The History of Scrabble

At Book Riot: DLW, TWS, BINGO: A HISTORY OF SCRABBLE.

This caught my eye because I like Scrabble, a low-key, mildly entertaining game that is a nice way to spend some time every now and then. My brother and I often play it when he’s visiting, often without keeping score. Sometimes we play a version where every word must sound correct, but be misspelled. Many possible variants.

By the way, I now play Wordle, Quordle, and Octordle most days — and I like Octordle best, which I didn’t expect. I know someone commented here about playing these games every day and I’m now in that camp as well.

But back to Scrabble!

An edition of Scrabble is likely to be in your home or in your neighbor’s home, as one in three Americans own it. 

REALLY? What do you think, can that possibly be true? I vote: False. I bet that one in three Americans who took some specific poll or survey own a game of Scrabble, and I bet that’s not remotely one in three homes overall. Maybe I’m wrong, but I doubt it.

To pass time, Butts wrote a paper in 1931 identifying the three most common types of games: board games, number games (usually with cards or dice), and letter games. The most popular games at the time were board and number games, though the game Anagrams was a popular example of a letter game. During this time, he happened to be reading a short story by Edgar Allan Poe called “The Gold Bug,” and in it, he noticed a line that showed the English letter distribution — in other words, a line that had the most common letters in the most common distribution. He realized then that a game like Anagrams would be much more fun if letters more common in the English language were also more common in the game.

Ah, a literary connection to Poe! I had no idea.

Lots more at the link — click through if you like Scrabble and are now intrigued about the history of this game.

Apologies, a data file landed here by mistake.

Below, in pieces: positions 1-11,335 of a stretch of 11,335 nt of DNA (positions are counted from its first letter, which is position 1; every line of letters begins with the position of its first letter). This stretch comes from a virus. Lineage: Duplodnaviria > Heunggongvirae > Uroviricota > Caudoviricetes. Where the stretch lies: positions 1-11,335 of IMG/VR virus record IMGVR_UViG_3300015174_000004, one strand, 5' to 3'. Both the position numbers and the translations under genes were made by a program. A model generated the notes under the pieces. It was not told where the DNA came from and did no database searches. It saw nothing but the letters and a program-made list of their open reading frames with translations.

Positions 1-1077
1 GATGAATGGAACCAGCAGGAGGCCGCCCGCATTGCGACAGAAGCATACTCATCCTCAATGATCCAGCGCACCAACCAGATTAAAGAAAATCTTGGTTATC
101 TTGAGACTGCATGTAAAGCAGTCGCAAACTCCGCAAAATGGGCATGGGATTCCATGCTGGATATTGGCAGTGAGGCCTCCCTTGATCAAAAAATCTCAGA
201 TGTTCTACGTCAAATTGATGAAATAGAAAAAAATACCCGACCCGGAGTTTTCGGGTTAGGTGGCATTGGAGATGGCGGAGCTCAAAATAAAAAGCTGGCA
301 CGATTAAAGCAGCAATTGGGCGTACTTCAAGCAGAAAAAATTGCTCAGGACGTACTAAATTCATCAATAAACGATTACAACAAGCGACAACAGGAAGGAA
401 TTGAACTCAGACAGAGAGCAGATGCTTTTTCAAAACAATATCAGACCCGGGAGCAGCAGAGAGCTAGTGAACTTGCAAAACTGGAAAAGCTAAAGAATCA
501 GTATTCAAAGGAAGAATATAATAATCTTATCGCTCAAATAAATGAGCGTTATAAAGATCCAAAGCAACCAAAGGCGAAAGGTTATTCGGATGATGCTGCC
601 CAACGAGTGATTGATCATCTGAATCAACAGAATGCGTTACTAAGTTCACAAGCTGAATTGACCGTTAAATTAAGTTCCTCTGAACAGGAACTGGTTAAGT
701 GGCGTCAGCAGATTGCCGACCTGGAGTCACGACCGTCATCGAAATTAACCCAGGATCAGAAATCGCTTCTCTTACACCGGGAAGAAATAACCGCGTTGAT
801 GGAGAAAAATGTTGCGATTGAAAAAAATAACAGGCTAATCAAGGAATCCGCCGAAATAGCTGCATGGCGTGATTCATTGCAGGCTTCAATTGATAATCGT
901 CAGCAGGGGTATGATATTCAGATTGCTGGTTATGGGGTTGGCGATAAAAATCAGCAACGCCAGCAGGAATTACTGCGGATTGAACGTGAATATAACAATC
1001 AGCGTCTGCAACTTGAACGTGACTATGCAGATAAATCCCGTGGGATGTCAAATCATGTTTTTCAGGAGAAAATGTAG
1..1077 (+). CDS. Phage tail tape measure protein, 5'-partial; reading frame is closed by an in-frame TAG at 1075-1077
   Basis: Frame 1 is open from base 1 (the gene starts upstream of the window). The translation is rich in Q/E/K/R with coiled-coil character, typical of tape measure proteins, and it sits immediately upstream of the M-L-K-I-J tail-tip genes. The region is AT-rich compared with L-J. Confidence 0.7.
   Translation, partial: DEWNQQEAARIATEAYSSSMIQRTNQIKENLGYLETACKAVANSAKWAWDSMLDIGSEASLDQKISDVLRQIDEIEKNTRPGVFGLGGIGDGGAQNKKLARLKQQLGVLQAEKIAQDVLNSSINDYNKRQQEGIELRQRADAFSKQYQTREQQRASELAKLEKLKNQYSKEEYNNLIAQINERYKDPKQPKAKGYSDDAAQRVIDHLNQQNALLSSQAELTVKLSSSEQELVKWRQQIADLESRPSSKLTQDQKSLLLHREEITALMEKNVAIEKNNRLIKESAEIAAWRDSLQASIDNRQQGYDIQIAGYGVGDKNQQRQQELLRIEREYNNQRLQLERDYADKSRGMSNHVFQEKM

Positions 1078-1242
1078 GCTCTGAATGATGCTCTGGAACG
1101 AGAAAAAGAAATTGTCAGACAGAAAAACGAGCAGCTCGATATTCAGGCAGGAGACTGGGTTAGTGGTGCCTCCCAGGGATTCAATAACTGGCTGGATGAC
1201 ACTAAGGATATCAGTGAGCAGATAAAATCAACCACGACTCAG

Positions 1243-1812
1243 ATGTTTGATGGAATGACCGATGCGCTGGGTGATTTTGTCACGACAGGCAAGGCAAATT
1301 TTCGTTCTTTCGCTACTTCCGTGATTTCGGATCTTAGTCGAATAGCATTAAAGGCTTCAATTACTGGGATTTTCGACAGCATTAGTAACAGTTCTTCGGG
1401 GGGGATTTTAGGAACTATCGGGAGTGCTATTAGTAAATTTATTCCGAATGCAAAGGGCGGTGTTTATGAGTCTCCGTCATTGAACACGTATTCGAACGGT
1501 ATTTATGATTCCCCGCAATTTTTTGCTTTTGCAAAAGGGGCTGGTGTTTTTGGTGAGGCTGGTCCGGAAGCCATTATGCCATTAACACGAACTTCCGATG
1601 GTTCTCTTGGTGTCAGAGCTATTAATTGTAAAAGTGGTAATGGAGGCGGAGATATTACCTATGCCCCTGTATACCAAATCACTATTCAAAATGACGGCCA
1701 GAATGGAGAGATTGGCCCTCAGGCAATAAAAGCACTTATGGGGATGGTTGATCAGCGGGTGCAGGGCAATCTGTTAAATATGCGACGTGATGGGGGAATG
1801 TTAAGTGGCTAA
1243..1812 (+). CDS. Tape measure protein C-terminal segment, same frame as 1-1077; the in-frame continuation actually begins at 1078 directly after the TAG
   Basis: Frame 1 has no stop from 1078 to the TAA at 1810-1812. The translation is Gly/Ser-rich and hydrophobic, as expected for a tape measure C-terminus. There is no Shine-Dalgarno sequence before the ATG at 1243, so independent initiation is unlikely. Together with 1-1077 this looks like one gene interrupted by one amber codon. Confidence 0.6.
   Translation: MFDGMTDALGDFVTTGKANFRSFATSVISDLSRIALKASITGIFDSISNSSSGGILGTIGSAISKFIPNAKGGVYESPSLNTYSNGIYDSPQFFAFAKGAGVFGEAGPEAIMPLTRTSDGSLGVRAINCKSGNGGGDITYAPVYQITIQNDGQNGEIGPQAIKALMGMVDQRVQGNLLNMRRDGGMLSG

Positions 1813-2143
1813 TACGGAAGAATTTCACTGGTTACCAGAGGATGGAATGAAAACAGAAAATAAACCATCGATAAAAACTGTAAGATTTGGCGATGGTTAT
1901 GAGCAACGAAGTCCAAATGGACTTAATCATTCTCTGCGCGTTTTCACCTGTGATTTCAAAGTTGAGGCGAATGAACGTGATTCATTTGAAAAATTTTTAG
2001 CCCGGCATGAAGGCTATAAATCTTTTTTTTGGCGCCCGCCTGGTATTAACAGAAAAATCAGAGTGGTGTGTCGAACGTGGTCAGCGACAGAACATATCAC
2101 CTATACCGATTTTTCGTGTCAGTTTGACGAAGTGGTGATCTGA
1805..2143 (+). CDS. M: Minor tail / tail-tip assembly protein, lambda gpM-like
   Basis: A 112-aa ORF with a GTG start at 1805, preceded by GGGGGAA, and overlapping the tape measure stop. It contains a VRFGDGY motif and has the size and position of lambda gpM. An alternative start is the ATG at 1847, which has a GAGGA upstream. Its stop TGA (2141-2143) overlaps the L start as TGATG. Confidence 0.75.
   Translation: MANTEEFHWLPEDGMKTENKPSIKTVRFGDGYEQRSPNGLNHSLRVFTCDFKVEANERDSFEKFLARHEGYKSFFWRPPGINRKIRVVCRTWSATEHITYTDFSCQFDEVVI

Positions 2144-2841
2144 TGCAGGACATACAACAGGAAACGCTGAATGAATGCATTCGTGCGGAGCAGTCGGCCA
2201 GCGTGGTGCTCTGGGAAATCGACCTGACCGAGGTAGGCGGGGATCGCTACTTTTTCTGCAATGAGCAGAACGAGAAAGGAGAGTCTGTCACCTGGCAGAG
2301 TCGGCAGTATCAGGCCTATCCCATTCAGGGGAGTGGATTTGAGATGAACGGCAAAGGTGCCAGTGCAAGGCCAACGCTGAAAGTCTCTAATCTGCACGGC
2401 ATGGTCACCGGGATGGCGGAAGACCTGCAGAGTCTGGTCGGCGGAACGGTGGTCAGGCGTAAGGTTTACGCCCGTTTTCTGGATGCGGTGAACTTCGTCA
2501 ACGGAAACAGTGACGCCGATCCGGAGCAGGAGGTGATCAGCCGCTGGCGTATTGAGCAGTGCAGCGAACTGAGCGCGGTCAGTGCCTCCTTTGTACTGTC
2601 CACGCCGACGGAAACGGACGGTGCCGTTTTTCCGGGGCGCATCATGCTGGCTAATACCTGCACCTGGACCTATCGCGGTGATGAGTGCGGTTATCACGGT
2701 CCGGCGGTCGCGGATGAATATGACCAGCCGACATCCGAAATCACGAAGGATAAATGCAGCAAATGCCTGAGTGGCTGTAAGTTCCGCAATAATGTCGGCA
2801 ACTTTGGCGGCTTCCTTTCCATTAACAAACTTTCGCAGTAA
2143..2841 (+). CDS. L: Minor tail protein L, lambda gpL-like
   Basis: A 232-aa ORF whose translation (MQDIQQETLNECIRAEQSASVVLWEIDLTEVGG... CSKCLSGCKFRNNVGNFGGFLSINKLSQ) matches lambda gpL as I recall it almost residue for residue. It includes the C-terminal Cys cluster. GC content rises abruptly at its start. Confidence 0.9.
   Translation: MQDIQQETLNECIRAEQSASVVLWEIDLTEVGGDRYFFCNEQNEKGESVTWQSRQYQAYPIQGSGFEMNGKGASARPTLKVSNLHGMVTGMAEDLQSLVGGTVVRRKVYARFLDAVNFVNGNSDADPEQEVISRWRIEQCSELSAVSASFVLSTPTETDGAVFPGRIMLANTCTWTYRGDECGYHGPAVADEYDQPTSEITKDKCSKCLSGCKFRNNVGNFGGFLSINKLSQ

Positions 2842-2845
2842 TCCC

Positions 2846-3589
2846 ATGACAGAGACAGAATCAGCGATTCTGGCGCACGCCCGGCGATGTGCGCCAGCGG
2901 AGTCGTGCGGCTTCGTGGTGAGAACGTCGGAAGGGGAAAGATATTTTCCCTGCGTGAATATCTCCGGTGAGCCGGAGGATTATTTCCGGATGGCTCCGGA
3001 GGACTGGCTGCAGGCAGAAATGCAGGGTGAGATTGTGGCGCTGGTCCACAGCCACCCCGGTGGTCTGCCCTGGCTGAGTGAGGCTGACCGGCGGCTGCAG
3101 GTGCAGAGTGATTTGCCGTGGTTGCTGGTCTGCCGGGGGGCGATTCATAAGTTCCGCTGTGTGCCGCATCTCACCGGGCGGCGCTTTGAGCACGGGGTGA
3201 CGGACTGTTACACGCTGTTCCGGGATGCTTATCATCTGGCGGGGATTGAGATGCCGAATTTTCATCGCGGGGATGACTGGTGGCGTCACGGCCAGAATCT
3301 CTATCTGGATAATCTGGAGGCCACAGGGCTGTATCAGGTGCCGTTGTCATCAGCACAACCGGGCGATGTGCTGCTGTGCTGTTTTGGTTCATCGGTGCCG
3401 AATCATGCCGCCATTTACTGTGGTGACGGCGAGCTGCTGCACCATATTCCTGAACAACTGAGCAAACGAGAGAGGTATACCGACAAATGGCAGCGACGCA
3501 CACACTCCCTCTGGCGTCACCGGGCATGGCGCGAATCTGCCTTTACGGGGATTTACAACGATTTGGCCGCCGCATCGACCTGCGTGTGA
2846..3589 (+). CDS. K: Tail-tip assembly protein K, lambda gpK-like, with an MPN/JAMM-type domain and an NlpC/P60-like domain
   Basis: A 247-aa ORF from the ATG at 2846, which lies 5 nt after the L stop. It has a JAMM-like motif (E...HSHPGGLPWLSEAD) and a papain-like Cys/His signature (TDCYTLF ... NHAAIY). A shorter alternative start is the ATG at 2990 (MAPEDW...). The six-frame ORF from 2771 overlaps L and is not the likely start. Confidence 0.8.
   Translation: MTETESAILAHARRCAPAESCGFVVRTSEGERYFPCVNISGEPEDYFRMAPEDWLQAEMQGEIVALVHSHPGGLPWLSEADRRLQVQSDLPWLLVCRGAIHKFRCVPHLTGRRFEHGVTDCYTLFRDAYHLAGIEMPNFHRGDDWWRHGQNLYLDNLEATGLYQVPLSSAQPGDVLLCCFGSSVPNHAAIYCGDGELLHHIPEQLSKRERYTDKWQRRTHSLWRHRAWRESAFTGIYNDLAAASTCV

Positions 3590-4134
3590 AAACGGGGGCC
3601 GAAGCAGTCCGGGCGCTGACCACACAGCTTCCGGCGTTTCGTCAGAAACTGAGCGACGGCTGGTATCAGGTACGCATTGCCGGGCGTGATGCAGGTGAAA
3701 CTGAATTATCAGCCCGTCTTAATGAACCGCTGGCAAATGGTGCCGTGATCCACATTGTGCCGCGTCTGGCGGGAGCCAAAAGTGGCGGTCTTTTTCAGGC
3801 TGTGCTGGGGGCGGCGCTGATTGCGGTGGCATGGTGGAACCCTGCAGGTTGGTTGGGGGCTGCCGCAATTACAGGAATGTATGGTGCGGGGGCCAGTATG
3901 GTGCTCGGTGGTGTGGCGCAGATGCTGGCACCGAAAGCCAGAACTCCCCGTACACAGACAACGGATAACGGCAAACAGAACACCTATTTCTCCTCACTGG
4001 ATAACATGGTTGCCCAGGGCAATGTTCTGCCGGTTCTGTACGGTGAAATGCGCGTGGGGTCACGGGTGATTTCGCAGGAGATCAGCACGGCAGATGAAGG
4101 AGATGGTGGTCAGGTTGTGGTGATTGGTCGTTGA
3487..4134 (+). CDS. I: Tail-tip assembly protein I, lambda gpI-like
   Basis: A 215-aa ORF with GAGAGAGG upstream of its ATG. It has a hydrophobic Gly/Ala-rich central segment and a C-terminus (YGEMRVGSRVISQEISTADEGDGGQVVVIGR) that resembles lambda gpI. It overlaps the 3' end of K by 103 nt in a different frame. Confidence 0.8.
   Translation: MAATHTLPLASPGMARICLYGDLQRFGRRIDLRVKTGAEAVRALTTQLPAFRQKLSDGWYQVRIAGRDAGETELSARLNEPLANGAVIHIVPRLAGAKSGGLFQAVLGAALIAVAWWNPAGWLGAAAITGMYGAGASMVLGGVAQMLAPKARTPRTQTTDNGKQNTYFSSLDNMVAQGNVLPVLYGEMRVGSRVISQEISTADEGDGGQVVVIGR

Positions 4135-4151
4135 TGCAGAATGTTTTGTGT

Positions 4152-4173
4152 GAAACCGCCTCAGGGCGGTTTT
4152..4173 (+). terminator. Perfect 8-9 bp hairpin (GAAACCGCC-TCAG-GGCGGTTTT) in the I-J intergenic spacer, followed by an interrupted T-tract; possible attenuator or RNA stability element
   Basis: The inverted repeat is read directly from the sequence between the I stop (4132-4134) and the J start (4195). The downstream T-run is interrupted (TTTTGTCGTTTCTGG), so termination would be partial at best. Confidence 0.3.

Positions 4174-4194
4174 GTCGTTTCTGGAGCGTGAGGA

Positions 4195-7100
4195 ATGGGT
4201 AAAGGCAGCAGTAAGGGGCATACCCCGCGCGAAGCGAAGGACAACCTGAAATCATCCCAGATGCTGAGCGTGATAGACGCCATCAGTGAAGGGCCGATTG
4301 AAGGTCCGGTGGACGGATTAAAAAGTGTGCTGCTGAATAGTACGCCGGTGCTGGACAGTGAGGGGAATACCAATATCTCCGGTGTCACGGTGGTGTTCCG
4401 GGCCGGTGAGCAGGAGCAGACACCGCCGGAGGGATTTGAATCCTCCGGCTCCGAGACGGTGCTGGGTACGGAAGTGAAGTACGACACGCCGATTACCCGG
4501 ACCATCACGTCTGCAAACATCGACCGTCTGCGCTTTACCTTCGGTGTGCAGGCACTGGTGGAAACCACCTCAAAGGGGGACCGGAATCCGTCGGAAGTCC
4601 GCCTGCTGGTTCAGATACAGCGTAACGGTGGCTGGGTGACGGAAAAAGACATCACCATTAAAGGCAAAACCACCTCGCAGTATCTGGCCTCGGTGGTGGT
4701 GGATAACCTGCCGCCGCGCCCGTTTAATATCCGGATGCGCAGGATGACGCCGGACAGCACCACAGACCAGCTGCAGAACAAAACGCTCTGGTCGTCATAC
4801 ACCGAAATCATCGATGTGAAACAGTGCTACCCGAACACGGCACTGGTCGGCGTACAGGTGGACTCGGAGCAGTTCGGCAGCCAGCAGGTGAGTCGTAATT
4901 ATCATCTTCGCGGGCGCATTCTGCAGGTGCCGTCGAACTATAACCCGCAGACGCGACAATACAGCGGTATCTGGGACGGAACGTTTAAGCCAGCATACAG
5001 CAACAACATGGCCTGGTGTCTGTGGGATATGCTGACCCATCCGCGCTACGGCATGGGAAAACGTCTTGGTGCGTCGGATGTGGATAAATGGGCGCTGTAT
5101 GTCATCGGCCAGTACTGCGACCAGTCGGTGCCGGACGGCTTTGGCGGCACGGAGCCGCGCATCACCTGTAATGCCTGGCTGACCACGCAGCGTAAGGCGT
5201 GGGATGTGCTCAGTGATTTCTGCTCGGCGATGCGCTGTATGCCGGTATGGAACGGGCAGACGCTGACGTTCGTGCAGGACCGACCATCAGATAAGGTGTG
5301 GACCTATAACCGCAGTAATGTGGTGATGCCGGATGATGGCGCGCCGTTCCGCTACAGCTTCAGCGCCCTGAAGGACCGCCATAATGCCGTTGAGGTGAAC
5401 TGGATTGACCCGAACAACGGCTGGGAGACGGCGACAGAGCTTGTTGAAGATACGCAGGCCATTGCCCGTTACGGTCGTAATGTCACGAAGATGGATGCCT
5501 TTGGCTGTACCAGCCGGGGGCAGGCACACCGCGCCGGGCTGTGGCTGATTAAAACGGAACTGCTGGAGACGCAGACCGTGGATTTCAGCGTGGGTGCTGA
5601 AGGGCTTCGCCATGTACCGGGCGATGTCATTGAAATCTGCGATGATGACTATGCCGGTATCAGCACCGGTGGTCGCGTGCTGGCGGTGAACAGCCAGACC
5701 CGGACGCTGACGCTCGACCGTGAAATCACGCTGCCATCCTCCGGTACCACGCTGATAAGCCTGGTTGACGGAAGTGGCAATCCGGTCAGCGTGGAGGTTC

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10 thoughts on “The History of Scrabble”

  1. 1 in 3 American homes (note the subtle but important difference) comes from wikipedia, of course, which footnotes an unsourced History Channel webpage. Google says there’s 123.6 million American households, which would make 41.2 million Scrabble sets. That… actually, that doesn’t seem too out of line for number of sets sold in the U.S., especially allowing for some journalistic rounding.

    Scrabble is practically a different game when you get competitive about it — memorizing the 1100 or so two- and three-letter words is an entry requirement. I much prefer the low-key version.

  2. I do the Wordle and the Waffle daily: https://wafflegame.net/

    I also permanently have two digital mini-Scrabble (Wordfeud) games going, one in Dutch with a friend and one in English with my youngest aunt. The English one is a lot more fun, both because there are a lot more words allowed but also because we don’t play to block eachother’s options, we like to make long or specially- interesting words, and are very relaxed about it.

    The Dutch Scrabble rules that Wordfeud uses are very strict and limiting, it makes the game a lot less fun.